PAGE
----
Bread basket case.

Lots of coal making, lots of heat,
Warm face, warm hands, warm feet.

— “Wouldn’t It Be Lovely” from My Fair Lady

No, it wouldn’t be lovely. Warm hands kill pie crusts. They destroy biscuits, ruin scones, and wreck marriages. The butter melts, the water in the butter activates the gluten, and next thing you know you have tough dough and your loved one has filed for divorce on grounds of spousal cruelty.

These hands melt then disengage.
— Lycia, “Distant Eastern Glare”

Velvety Bean BreadAll that stress from terror of gluten takes its toll on me and my radiator hands. Making pastry isn’t relaxing because I dislike every pastry cutter or pastry fork that I’ve ever tried, and I refuse to use my food processor featuring 100 hard-to-reach areas for your dishwashing pleasure! Instead I use my fingers, and I use them fast. So when fall comes, I’m eager to make bread again, to take my time and work the dough without fear. In bread making, you want water in the flour, you want to make gluten, you want to toughen the dough. I thrust my fists into my first batch of autumnal bread dough with more glee than a child grabbing at the innards of a destroyed piñata, and I eat the crusty warm fruit of my hard labor with more satisfaction than any kid with cheaply earned candy ever could. Unfortunately, I keep forgetting that my hands aren’t merely warm.

There’s a lot of hot hands around.
— Hank Williams Jr., “Waylon’s Guitar Lyrics”

Bread dough is generally supposed to be covered and left to rise in a warm draft-free place for three hours to double in size. How I wish! More than once, my dough has quadrupled in size after half an hour. I’ve resorted to putting my bread in the freezer after kneading just to calm the yeast down. While I could use my stand mixer, that defeats the purpose of making bread—I want to squeeze, and squish, and squash, and squeal, because it’s darn good fun to sink your hands into a rubbery ball of satiny bread dough.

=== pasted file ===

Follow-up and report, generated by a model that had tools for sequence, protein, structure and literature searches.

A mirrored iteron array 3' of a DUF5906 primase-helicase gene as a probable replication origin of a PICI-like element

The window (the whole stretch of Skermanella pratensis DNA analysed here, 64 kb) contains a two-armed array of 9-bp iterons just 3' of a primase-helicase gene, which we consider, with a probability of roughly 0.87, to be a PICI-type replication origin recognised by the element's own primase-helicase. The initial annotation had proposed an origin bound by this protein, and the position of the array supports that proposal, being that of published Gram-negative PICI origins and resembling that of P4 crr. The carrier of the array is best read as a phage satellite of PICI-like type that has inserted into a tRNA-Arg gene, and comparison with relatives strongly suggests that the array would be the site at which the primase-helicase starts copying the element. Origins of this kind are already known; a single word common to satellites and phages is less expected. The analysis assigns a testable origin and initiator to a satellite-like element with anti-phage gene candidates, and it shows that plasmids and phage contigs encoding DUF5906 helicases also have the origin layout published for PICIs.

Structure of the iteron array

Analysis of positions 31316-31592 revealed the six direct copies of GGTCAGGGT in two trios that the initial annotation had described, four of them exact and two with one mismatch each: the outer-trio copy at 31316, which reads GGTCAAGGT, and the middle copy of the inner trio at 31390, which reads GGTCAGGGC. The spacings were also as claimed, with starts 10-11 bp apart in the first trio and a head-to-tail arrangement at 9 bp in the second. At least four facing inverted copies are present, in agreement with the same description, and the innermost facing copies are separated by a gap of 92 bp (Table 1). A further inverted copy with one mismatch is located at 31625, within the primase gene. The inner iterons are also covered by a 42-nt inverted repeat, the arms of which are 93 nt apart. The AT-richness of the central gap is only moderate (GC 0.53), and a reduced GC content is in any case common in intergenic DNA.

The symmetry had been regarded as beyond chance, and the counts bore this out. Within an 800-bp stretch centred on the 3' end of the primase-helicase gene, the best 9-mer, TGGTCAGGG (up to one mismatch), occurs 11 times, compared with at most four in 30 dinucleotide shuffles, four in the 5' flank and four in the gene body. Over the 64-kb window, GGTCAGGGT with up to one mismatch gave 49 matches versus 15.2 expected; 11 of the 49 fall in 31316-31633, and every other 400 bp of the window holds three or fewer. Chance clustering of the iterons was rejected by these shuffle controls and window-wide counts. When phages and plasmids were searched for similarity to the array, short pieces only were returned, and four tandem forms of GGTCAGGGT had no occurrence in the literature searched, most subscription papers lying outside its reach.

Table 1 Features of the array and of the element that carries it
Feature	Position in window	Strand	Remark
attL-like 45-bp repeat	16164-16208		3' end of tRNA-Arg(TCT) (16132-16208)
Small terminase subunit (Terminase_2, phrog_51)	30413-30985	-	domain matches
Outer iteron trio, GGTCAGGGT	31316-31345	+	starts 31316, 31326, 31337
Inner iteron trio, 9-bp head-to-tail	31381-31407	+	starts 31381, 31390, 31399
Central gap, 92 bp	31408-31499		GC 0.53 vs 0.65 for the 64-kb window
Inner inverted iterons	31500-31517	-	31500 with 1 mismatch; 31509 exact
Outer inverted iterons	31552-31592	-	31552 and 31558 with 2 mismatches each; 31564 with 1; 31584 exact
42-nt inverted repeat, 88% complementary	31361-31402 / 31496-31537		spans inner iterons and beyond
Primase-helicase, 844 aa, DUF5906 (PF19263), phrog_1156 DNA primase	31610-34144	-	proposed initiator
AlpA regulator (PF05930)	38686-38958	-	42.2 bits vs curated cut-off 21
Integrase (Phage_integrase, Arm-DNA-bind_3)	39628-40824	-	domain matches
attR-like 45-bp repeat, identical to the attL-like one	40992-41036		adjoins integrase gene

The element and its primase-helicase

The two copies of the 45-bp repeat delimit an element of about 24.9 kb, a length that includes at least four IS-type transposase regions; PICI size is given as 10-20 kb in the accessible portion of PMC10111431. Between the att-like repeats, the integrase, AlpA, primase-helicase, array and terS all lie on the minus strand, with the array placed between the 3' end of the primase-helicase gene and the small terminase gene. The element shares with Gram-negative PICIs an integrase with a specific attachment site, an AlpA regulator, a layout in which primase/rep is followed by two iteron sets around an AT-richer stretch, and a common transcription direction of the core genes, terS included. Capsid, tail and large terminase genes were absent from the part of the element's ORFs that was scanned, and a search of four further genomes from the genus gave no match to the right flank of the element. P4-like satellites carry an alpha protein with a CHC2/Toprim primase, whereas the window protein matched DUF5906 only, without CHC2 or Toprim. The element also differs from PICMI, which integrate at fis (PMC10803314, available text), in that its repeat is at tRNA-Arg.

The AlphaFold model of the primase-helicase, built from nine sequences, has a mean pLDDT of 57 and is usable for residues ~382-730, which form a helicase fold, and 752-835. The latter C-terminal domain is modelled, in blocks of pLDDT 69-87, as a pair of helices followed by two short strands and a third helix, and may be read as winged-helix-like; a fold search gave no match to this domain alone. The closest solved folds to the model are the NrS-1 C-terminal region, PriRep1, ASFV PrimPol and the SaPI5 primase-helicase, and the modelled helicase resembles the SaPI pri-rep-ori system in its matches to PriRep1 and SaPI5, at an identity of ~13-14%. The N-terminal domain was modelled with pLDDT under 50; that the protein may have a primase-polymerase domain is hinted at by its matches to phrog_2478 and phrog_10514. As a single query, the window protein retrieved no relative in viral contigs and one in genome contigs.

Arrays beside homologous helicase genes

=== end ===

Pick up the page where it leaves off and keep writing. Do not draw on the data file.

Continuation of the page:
Take your warm hands off me.
— Ian Anderson, “Toad in the Hole”

My first batch this fall was Velvety Bean Bread from the gorgeous Home Baking: The Artful Mix of Flour and Traditions from Around the World. It’s an intriguing recipe that uses pureed white beans that add no bean flavor but does add, according to the authors, a velvety texture and moisture that helps the bread keep. As the only bread eater in the house, I rely heavily on freezing fresh bread or baking good-keeping breads to keep from wasting loaves. This bread’s moisture and nutrition from the beans had fascinated me since I first read the book.

Bean Bread 2[Pictured: “It’s okay, it happens to lots of bakers…”]

I forgot about my hands and failed to let the dough rest in the refrigerator during autolyse or reduce the liquid and knead with some crushed ice (a clever idea from food scientist, Shirley O. Corriher). The bread rose too fast and too much; I barely caught it before it dropped. After punching down and shaping, the dough rose quickly but weakly in the pan, dragging and deflating under my knife when I tried to slash it. I considered reshaping and letting the loaves rise yet again but decided not to worsen the already compromised flavor. The loaves went into the oven and emerged dense and flat. Ashamed.

Maybe not this time.
— “Baker Baker,” Tori Amos

Fresh bread is still fresh bread, and though dense, I took some satisfaction in the yeasty flavor. The loaf didn’t live up to its velvety promise. That’s my fault, it’s a recipe that deserves another chance. I learned a hard lesson, forgot it, and learned it again. We all have our handicaps in the kitchen—hot hands are mine. Bad memory doesn’t help either.